June 2010  


Hurricane Season is Here

Get Prepared
Hurricane season runs from June 1 – November 30, and the Harris County Office of Homeland Security and Emergency Management (OHSEM) wants you to be prepared. OHSEM has valuable information available on its website about preparing for hurricanes, tropical storms, high winds, storm surge and flooding. Everyone is urged to start preparing early by creating a kit, making a plan and staying informed throughout hurricane season. Make sure you have enough food, water, medication and other essential supplies for a week.
Your emergency kit should include:
  NOAA weather radio and batteries
  Flashlight and batteries
  Extra eye glasses
  Bottled water
  Non-perishable food
  Copies of prescriptions
  Special products for babies, elderly and medically fragile family members
  Cash and credit cards
If you live in an area threatened by storm surge – an evacuation zone – discuss and practice evacuation plans with your family. Make a checklist of preparations to be made before an evacuation and review it when a storm is in the Gulf of Mexico. If you plan to stay in a hotel, make reservations and confirm your reservations before you leave. If you plan to stay in a shelter, bring what you need to be comfortable, including bedding and toys for kids.
Residents living in an evacuation zone who require special assistance to evacuate during a storm should dial 2-1-1 to register for a ride. This includes the elderly, people with disabilities or special medical conditions, or those who simply need transportation. The Special Transportation Registry is open year-round for registration. Be sure to register before an evacuation is called.
To find out if your home is in an evacuation zone, check with county or city officials, or click here to view the zip code-based evacuation map located on the OHSEM website.
Prepare your Home

Now is the time to prepare your home and make it safe from the potential damages of a hurricane. To keep fierce winds from entering your home and blowing out doors and windows, have plywood already cut or invest in shutters to cover windows. Reinforce the garage door and check the roof for loose shingles, which can be made more secure by re-nailing.

Trim dead or dangerous tree limbs to keep them from falling on your house. Once it has been determined that a hurricane is heading in our direction, be sure to bolt down, chain, or remove items like play equipment, barbecue grills, and potted plants to prevent them from becoming missiles.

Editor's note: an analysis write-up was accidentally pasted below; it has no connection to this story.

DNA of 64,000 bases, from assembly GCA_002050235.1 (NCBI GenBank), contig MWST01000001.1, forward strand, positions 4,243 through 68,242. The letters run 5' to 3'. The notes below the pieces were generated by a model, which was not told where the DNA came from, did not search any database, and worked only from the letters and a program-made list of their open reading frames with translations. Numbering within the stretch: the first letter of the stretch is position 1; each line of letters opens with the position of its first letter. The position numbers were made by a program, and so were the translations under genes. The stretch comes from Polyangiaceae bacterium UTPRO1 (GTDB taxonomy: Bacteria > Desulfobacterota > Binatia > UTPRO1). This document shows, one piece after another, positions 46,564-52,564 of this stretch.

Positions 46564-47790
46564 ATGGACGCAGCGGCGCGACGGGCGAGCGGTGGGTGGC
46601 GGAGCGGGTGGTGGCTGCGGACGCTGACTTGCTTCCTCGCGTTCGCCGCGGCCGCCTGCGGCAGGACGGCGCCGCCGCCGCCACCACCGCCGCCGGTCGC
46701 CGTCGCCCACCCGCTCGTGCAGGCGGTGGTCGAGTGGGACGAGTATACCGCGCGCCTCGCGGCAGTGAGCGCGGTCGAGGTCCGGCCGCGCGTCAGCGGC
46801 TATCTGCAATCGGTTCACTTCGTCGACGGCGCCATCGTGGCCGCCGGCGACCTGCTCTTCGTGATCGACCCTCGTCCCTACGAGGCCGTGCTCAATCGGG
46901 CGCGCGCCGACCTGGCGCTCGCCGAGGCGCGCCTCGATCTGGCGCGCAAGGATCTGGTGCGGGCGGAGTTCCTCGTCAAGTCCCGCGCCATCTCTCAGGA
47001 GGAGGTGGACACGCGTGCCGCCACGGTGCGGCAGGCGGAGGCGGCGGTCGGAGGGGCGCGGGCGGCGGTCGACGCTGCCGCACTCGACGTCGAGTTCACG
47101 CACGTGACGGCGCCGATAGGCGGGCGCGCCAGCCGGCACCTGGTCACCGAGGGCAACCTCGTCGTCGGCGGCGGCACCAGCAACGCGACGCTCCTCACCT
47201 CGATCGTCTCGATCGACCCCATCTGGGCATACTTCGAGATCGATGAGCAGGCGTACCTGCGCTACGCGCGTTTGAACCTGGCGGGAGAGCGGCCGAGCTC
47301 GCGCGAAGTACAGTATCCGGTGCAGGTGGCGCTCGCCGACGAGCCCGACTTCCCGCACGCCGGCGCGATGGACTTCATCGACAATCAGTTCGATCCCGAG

Protect Pets and Livestock

Whether you evacuate or shelter in place, you should create a plan to ensure the safety of your pets and livestock. Make sure all pets wear collars and tags with current identification in the event they become lost or separated from you. Have your name and address on the tag along with your cell phone number.

If you evacuate, take your pets with you. You will need a carrier or crate large enough for them to turn around and lie down. You should also take a leash, collar and muzzle for your dogs. Prepare an emergency kit for them that includes their veterinary records, medicine, food, water, bowls for the food and water, toys and plastic bags for their waste. If your pet is a cat, be sure to pack cat litter, a litter box (that fits into the cat carrier) and a litter scoop.

If you decide to shelter in place, bring your pets indoors and keep them in an interior, safe room away from windows. During the hurricane, you may want to keep them in their carriers or crates. After the hurricane has passed, be sure to check your yard and fences carefully before letting your pets out. Damaged fences and downed power lines can lead to lost or injured pets.

When evacuating livestock in trailers, plan your route and confirm reservations before you leave home. Be sure to allow plenty of time for travel and evacuate in the cooler hours of the day. If you have livestock that you are not evacuating, move them to high ground. Do not leave them in an enclosed barn or other structure. Check your pastures and make sure they are securely fenced and cleared of any debris or building materials that may become airborne. Your emergency contact information should be posted in a watertight container on all gates.

Disruption of regular routines is stressful for people and animals. You may notice behavior changes, loss of appetite, unusual aggression or fear in your pets and/or livestock. If problems persist after the hurricane, contact your veterinarian. For more information on protecting your pets and livestock, visit the Harris County Disaster Animal Management Task Force website at www.damtaskforce.com.

For additional information on hurricane preparedness, you can view the 2010 OHSEM hurricane brochure at http://www.hcoem.org/Documents/Hurricanebrochure.pdf or visit the Texas Department of Public Safety’s website at http://www.txdps.state.tx.us/dem/pages/publicinformation.htm.